Extreme drought could mean return to "normal" pattern

As we review the past year in agriculture, the dominant story, at least in the lower Southeast, would have to be the severe drought. Sure, there have been other droughts, but nothing in recent history compares to the drought of 2000.

The drought was made more severe by its longevity. In many areas of the lower Southeast, the drought entered its third year in 2000. Growers in parts of Alabama, Florida, Georgia and South Carolina first watched the complete devastation of the dryland corn crop. Then, the planting of peanuts and cotton had to be delayed until the last possible dates.

In some cases, cotton finally was dusted into powder-dry soils. And those lucky enough to have irrigation watered before and after planting peanuts. As the drought stretched into early summer, ponds, creeks and streams turned dry, and record-low levels and stream flows were recorded in several rivers.

The bleak conditions seen this past summer prompted one respected Extension entomologist - Auburn University's Ron Smith - to advise against planting dryland cotton in Alabama in the future. Many cotton and peanut crops in the lower Southeast literally were "made" with irrigation in 2000.

But as unusual as the current drought may seem, one expert contends that it is part of a historically more normal climate pattern. Georgia's State Climatologist David Stooksbury, who also is a professor of engineering in the University of Georgia College of Agricultural and Environmental Sciences, doesn't see drought as strange or even unusual.

"The state of Georgia now has returned to a more normal climate pattern, with greater year-to-year variability," says Stooksbury. "Drought is part of the overall history of the Southeast. But the history also contains long periods of wetter weather.

"We will have more years that are extremely wet and more years that are extremely dry, which historically is the more common pattern."

Farmers who were around during the 1960s and 1970s can recall extended times of wet, mild weather, says Stooksbury, and that weather makes the current drought seem that much more unusual. But those weather patterns could not be characterized as "normal," says the climatologist.

"If you look back at droughts, the 1960s and 1970s were the abnormal years. There was very little variation," he continues.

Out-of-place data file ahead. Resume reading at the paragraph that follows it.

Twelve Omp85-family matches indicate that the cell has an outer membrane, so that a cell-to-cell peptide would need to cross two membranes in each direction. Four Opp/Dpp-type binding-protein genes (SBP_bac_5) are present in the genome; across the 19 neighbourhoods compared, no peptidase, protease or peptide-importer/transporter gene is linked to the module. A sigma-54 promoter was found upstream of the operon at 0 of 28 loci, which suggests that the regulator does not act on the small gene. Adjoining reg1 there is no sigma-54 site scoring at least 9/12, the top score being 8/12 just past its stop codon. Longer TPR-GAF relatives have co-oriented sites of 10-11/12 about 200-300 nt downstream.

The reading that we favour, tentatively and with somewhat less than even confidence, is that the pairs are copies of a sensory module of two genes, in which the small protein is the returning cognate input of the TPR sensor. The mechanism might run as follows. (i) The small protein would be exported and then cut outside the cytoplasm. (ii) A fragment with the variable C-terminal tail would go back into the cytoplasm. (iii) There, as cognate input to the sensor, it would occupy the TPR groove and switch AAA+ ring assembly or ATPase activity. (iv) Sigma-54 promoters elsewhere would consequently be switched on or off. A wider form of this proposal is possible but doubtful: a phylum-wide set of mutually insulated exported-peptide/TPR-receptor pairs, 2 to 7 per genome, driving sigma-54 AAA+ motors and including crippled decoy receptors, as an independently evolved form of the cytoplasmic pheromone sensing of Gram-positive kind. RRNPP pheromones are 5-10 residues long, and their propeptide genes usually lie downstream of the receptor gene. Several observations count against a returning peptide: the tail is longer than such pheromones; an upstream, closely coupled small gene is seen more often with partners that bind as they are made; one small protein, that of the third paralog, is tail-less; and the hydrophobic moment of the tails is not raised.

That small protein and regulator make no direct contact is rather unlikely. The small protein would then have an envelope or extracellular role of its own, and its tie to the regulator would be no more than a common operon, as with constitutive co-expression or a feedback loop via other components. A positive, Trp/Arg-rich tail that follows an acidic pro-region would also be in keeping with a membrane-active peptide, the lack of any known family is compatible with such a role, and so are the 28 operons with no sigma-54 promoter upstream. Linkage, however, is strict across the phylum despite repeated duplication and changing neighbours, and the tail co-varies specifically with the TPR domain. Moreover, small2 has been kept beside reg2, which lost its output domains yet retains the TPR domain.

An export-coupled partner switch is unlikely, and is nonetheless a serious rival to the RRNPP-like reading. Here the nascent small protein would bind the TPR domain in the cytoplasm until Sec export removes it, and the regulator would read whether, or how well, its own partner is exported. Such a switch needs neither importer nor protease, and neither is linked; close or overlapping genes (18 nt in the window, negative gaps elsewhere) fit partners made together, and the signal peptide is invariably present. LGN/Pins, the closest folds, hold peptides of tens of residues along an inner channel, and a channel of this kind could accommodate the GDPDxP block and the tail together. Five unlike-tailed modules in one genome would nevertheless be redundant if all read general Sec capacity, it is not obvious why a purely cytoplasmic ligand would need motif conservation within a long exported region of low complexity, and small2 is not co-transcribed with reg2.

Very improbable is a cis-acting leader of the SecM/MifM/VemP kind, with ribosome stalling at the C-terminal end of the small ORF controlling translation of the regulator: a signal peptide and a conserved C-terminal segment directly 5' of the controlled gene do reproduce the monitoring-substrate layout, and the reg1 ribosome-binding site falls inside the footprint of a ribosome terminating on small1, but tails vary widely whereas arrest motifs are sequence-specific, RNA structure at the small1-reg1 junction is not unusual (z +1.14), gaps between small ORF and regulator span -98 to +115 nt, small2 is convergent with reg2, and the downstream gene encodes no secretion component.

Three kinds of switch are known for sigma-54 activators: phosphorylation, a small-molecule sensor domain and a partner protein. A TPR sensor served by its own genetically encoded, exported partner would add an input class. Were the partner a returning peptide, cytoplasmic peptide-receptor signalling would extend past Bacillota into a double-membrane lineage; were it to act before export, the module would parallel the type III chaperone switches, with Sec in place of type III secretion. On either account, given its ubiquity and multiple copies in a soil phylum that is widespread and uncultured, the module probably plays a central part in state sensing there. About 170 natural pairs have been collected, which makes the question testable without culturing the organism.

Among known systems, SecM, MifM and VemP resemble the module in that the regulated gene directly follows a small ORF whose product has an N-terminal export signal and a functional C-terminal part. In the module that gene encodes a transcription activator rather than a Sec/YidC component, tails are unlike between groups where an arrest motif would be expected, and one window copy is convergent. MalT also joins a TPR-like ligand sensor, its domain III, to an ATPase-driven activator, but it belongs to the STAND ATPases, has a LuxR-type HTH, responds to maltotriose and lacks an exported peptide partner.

In the 1960s, central Georgia experienced only one month of drought, says Stooksbury. And throughout the 1970s, the same area saw only 13 months of moderate, extreme or severe drought.

Though rains brought relief to parts of the parched Southeast in September and November, many areas remain under drought conditions. In Georgia, state water restrictions remain in effect.

And while a drought gets most of its press during the spring and summer months, fall and winter also are critical to making or breaking a drought.

Winter rains usually replenish soil moisture and groundwater supplies lost during the year, says Stooksbury. However, the past two winters haven't brought needed rain to the lower Southeast.

"With the dissipation of the Nino family - for now - Georgia probably will return to near-normal rainfall this winter. The global ocean temperature pattern is close to neutral, which means we don't have the more robust, forcing pattern for the weather."

The state is less likely to have the wet winter of El Nino, but it's also less likely to have the dry winter of La Nina, he says. "We don't have a well-defined guide for this winter. But we'll tend toward a more normal winter."

Stooksbury says another El Nino event is possible for the 2001-2001 winter. "It would take several months of above-normal rainfall to pull out of the drought. Even normal rainfall through winter will not solve the problem."

Going into the next growing season, Stooksbury believes Georgia will have adequate soil moisture to germinate seeds. But groundwater and deep-soil moisture levels will remain low.

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